During the annual Doors Open event in St. John's, several venues are open to the public without charge. When my eldest granddaughter said she wanted to sleep over at my house, I thought it was a great opportunity for us to participate in "Doors Open."
Given that she is three years old, I chose the Railway Museum as the event of the day. We were up early and on Signal Hill with our breakfast in hand at 8 a.m. We had breakfast high atop the city and she loved it! "I can see everything!"
She wanted to go into the "castle." With a little luck on our side, Cabot Tower opened at 8:30 and we made our way up the tricky, "scary" winding staircase to the top. We were on our way down when a gentleman was heading up to change the flag. He asked us if we would like to go. Of course! We followed him out onto the deck and he asked my granddaughter if she would like to help raise the flag.
What a special thing to do! In no time under his tutelage she learned the hand over hand technique and became a real helper. The man was so kind and even carried her down over those darned steps. We had already started our day with a "bang."
We then, at her behest, had a walk along a trail. After which, we headed to the Railway Museum. It was not open yet so we sat on a bench beside the display train pictured above. We made up stories and I tried to intertwine a little real history in mine. It never hurts to learn something along the way. Well, from her story, I learned something, too. I surely didn't know that Barbie came from an outport!
In no time the doors to the musuem opened and in we went. She wondered if the manikins might come to life. I told her to use her imagination and maybe she could see the people moving about their activities. We chose to do a walkabout on our own rather than join the tour. After all, she is three. I gave her some info and she was able to ask questions without bothering anyone else. Success! It was a great experience. She wanted to go to another musuem.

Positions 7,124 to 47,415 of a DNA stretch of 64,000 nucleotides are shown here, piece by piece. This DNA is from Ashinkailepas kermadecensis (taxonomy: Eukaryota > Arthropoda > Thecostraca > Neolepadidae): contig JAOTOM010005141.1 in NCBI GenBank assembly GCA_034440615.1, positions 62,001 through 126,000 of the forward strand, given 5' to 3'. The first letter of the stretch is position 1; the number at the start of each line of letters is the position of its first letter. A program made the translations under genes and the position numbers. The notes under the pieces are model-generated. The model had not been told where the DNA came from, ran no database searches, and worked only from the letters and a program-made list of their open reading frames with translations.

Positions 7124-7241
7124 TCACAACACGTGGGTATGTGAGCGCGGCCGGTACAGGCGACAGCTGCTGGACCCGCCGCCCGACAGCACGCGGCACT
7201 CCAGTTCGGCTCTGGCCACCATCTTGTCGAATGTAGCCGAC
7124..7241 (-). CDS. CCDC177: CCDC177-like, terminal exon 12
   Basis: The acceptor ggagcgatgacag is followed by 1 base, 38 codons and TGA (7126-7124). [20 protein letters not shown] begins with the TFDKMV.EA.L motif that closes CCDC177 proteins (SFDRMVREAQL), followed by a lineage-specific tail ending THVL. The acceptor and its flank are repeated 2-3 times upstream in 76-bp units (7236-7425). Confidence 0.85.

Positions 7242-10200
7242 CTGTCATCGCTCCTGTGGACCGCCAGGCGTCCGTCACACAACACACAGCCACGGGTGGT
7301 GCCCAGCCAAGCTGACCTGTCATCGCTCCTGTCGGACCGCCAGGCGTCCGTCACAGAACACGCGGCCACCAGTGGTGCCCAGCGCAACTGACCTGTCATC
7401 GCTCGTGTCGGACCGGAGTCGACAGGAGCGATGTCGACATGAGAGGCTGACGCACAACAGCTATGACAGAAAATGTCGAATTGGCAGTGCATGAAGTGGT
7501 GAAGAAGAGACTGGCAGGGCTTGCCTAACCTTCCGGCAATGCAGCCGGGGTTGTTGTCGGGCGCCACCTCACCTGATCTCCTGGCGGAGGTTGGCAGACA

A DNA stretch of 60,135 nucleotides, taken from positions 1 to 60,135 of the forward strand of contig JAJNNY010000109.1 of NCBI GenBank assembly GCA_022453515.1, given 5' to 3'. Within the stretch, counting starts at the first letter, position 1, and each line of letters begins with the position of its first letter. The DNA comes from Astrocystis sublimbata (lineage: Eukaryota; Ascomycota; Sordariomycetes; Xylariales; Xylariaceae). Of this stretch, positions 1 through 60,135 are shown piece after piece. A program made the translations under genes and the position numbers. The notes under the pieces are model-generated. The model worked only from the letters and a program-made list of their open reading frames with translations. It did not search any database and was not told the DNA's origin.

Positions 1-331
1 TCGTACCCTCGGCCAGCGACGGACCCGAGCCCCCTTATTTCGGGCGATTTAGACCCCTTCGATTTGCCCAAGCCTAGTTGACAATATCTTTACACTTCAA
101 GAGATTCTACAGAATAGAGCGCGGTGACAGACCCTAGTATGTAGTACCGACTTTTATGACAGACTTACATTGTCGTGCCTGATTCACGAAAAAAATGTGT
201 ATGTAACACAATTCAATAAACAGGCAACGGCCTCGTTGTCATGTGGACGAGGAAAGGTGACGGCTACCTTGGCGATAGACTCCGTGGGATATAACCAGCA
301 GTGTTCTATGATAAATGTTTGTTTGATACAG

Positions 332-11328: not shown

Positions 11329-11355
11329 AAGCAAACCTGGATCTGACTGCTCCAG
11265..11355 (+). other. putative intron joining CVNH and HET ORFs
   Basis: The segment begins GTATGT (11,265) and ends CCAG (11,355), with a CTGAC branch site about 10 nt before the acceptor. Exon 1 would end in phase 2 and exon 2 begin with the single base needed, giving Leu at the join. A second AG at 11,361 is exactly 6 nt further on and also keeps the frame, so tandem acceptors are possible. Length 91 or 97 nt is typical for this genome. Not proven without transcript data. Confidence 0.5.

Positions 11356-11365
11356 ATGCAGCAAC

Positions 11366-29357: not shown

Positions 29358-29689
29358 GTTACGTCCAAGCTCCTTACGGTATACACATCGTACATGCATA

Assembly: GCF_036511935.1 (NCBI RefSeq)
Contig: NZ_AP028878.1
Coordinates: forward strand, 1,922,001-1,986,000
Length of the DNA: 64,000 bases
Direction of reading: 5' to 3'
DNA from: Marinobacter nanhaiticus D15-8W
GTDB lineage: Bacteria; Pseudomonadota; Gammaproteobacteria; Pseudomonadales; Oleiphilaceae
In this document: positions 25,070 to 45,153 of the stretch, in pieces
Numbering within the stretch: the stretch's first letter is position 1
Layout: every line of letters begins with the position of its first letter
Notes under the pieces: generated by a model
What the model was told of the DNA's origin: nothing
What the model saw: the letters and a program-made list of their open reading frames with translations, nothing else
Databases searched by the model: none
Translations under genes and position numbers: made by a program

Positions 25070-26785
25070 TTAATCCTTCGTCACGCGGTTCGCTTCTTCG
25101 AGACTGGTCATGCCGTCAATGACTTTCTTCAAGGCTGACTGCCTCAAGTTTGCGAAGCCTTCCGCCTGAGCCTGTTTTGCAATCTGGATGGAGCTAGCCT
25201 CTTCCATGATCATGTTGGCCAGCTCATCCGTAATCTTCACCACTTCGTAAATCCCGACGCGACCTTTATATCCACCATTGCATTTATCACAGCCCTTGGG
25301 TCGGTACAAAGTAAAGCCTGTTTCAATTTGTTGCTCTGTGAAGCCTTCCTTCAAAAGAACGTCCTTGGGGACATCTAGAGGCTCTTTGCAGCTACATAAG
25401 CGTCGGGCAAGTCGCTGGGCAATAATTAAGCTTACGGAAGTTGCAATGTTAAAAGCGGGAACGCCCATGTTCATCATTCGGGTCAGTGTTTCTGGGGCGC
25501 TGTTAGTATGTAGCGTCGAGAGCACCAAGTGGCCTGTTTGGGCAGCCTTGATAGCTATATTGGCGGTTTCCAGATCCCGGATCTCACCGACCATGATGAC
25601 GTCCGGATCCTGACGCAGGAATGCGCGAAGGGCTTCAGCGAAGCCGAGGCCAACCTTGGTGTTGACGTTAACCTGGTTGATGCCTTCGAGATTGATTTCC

We tried the Johnson' Geo Centre back at Signal Hill, but it didn't open until noon. While she suggested that we wait, I talked her into going to another place. Off we went to Commissariat House. I thought she might enjoy seeing the old house. Great choice!
When we arrived, we went to the Carriage House where they gave her a paper printer's hat and helped her put her name on it with sticky letters. Then we went in front of the house and another helper dressed her up in a period dress and hat. It was such a special experience for her. She became demur on the outside and bursting with excitement on the inside. Wow! How many special things could happen in one morning?
We then started our walkabout in the house. In the first room we came upon quills, ink and paper set up for use. A while back when we went for a walk, we found a quill in the trail. I guess I have not totally lost my grounding in education because instead of talking about bird-related stories with the quill, I told her about "back in the day" when people used to write with quills. And now there it was right there for her to try. We worked our way through the house and talked about the feather bed, the wood fired stove and the boot jack which the guide demonstrated. She looked up at me and asked, "Where is the bathroom?" I asked the guide to show her the potty and its holder. Well, of course, a flood of "why" questions followed that led to more discussion about not having running water or electricity.
It was a morning of wonder and excitement. Amid all of the fun, I'm sure there was a great amount of learning. What a wonderful program...."Doors Open." Every one of the employees at every venue was kind, pleasant and helpful. They made the morning extra special. I was surprised that there weren't more people out enjoying these attractions, but then again, we did start our day quite early.
Bravo to "Doors Open." It was a morning to remember!